In this context, and considering Haiti’s chronic exposure to external shocks and stresses, it is incumbent on program designers to look at the wider system and ensure that agricultural insurance or other mechanisms are in place to reduce risk (or the perception of risk) if we really want to promote the widespread adoption of beneficial new technologies.

Soil Testing

A number of other agricultural services could benefit farmers and reduce their exposure to shocks. Facilitating smallholders’ access to soil testing and educating them on soil monitoring techniques, for example, can help them combat erosion and better deal with droughts. AVANSE worked with the University of Limonade and Auburn University in the United States to set up a laboratory to address this issue and propose these services to farmers. But the PEA found that such efforts may be hindered by weak cadaster laws and the status of a farmer’s land ownership. Farmers who rent land are less likely to spend money on improving the long-term productivity of the soil because their claim to the plot is tenuous and predicated on their rental agreement with the landowner.

Strengthening Haiti’s cadaster system, the study suggests—and, more specifically, ensuring that long-term leases are enforceable—could help incentivize farmers to pay for key agricultural services and make productive investments in their fields.

Instability and Access to Markets

Political instability can prevent producers or intermediaries from physically accessing their markets and reduce the number of buyers. If farmers find themselves unable to access markets during a political crisis, as was the case recently in the North, they will simply lose their income. In chronically unstable Haiti, farmers tend not to trust the market as a whole and have the perception that investing in their agricultural production—above a certain threshold—is too risky. Incorporating these considerations into market agreements with buyers and/or designing contingency plans for these situations can help alleviate these constraints.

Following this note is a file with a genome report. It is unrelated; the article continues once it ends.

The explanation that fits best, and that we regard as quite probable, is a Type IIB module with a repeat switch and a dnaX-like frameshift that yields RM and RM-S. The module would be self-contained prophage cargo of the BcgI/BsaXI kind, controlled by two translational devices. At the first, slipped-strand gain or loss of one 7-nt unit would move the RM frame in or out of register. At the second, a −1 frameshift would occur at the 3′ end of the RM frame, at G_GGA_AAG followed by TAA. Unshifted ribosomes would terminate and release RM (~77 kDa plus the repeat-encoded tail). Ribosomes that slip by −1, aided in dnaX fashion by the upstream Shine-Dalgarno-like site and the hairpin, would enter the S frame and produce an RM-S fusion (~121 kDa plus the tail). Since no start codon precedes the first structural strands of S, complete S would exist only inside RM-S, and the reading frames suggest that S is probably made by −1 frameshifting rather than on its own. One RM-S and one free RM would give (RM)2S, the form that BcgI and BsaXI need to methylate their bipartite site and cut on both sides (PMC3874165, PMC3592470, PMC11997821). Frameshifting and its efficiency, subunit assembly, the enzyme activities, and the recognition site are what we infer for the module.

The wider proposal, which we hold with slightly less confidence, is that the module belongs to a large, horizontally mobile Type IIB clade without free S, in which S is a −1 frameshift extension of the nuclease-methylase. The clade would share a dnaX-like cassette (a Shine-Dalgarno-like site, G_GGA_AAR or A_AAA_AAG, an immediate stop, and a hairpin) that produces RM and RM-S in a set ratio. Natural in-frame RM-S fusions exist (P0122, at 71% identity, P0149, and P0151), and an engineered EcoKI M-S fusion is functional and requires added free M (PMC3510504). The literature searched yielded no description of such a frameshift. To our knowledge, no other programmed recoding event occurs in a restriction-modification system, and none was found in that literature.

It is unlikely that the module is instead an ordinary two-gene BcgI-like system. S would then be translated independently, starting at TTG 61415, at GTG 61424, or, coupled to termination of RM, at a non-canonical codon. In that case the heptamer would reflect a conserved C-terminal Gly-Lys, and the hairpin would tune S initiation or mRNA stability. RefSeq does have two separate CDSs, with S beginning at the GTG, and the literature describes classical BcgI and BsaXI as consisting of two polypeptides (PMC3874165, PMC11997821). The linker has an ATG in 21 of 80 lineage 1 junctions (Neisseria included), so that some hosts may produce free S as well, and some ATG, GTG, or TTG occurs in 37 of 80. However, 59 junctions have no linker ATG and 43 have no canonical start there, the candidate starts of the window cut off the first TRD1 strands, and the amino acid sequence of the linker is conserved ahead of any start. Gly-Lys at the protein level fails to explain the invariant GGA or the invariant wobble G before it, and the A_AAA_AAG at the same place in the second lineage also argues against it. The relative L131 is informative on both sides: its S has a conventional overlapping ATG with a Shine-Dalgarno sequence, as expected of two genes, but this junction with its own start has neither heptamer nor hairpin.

PEA, Adaptive Management, and Resilience

As AVANSE shows, understanding farmers’ perception of risks is at least as important as identifying the right technical solution to their problems. PEAs are a good way of identifying these perceptions, surfacing the underlying causes of behaviors, and pinpointing factors that may require a systemic approach. Indeed, USAID increasingly encourages the use of “everyday PEAs.” More than a one off-study, the everyday PEA is a mindset or an ongoing approach premised on adaptive management and a culture of continuous learning, enabling a project to adapt its interventions to changing circumstances, including shocks and stresses.

The PEA findings show the importance of focusing not just on building the adaptive and absorptive capacity of farmers to cope with shocks and stresses, but also on consolidating the capacity of the system itself to be resilient. By intervening in interconnected systems such as finance (insurance and saving) or land, future agricultural projects will have a better chance of reducing farmers’ perception of risks and encouraging their investment in long-term solutions. But this shift will require a shift from political analysis to political action—in close coordination with government and donors—and that in turn will require a significant demonstration of political will.